- City Fajr Shuruq Duhr Asr Magrib Isha
- Dubai 05:31 06:45 12:35 15:51 18:20 19:34
Sri Lanka said Tuesday it had rejected a US request to send troops to Afghanistan but retracted the claim within hours, triggering angry responses on social media about the government's credibility.
"President Mahinda Rajapakse has rejected a call by US to send Lankan troops to Afghanistan," the government's information department said in an SMS news alert which was immediately rebroadcast by almost all local media outlets.
US diplomats in Colombo appeared puzzled over the Sri Lankan government claim and privately said that there was no pending request.
A couple of hours later, presidential spokesman Mohan Samaranayake officially trashed the government's own claim.
"President Rajapakse has neither received nor rejected any requests by the US for Lankan troops to be sent to Afghanistan," he said in a brief one-paragraph statement.
President Rajapakse's own twitter account @PresRajapaksa admonished journalists to "double check facts w/multiple sources" before publishing and this drew sharp responses from Sri Lankan reporters.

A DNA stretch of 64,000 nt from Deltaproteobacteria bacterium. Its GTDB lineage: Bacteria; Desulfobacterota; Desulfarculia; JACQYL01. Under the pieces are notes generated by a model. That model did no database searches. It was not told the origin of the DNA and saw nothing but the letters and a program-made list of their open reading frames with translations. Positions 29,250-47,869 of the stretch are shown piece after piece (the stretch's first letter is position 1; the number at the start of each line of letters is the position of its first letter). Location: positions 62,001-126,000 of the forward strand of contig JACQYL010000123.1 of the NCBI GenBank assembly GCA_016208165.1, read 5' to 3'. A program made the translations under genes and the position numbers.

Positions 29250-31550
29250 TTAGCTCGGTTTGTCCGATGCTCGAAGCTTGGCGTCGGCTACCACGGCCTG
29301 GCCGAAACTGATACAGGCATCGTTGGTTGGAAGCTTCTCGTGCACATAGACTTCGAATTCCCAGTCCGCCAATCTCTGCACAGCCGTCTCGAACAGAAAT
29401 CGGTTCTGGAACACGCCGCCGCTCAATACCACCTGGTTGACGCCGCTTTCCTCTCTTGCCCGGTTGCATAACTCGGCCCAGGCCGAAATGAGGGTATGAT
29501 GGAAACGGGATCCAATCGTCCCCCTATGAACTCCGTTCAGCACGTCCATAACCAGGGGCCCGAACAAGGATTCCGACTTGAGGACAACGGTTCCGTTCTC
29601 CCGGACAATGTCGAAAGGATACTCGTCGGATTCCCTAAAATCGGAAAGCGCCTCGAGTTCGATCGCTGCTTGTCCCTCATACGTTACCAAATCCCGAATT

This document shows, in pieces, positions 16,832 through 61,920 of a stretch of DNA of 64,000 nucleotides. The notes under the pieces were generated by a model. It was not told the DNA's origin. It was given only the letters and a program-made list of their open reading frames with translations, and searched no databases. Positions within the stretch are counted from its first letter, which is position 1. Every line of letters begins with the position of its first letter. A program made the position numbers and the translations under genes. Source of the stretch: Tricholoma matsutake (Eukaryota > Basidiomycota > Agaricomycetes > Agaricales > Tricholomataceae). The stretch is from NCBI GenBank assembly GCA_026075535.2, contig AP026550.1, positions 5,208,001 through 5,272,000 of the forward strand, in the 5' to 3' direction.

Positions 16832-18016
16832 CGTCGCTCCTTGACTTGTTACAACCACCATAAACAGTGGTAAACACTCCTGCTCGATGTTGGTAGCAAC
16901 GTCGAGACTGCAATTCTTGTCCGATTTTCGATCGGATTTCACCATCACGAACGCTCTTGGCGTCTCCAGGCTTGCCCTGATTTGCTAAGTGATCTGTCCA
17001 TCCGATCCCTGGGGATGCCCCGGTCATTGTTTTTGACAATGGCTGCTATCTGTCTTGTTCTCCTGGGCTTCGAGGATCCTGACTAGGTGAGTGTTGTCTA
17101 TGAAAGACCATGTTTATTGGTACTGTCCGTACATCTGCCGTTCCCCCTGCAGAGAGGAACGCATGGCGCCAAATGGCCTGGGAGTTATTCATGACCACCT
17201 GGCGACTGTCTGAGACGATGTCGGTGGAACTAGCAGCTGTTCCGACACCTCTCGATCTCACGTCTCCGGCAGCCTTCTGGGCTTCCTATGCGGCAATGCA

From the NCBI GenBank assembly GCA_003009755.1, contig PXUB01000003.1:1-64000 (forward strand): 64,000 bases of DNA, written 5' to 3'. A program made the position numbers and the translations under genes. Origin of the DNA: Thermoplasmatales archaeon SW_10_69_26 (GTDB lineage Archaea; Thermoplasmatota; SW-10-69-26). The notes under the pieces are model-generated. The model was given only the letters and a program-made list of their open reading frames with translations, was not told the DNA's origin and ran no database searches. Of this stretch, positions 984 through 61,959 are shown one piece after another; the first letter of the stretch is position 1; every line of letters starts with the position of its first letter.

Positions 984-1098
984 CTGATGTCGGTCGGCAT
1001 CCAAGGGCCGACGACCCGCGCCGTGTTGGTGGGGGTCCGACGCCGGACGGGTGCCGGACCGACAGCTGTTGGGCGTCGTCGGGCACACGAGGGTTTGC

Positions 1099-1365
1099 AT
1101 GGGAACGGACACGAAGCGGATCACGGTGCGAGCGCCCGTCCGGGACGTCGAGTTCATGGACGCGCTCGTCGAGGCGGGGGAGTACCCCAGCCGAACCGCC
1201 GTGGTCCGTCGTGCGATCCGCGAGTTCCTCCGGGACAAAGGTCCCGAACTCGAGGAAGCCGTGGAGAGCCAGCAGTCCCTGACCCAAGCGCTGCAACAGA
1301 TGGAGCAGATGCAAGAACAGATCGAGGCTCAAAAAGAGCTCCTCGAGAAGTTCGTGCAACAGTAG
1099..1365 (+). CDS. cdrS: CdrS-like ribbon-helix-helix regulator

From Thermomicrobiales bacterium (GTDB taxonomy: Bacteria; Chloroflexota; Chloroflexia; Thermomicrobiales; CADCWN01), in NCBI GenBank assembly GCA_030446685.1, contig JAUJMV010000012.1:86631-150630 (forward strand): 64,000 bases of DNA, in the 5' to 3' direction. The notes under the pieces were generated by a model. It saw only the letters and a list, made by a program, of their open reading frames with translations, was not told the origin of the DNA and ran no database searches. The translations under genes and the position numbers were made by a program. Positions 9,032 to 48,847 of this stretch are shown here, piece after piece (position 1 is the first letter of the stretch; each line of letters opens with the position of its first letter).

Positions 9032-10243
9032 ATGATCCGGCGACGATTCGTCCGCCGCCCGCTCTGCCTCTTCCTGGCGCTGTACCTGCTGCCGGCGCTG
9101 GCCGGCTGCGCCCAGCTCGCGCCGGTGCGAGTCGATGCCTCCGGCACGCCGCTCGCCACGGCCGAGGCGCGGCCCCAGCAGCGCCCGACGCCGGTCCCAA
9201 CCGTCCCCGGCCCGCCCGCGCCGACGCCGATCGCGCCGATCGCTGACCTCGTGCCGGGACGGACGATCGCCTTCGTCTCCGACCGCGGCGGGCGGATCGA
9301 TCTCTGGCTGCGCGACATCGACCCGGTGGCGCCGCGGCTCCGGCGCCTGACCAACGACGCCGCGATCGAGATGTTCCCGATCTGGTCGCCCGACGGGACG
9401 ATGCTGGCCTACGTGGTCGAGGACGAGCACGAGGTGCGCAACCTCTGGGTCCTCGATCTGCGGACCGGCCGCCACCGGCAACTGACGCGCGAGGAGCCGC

"Are u saying we cant even 'TRUST' what the Govt. Info is saying through its SMS service. Who can we trust?," tweeted Gandhya Senanayake.
"So MR (Mahinda Rajapakse) wants us to verify official Gov info statements as well," tweeted Azzam Ameen. "Journalists blamed not the Govt Info dept who created the blunder."
"How can the government information department make such a blunder. We have published the story on ______. Darn," said another Sri Lankan reporter.
Leaked US embassy cables had shown that Colombo expressed willingness to send troops to train Afghan forces in March 2009. It later changed its mind, fearing possible reprisals from foreign Islamic militants.
Relations between Sri Lanka and the US have been strained as Washington pressed Colombo to probe alleged war crimes by its troops while crushing Tamil separatists in May 2009.
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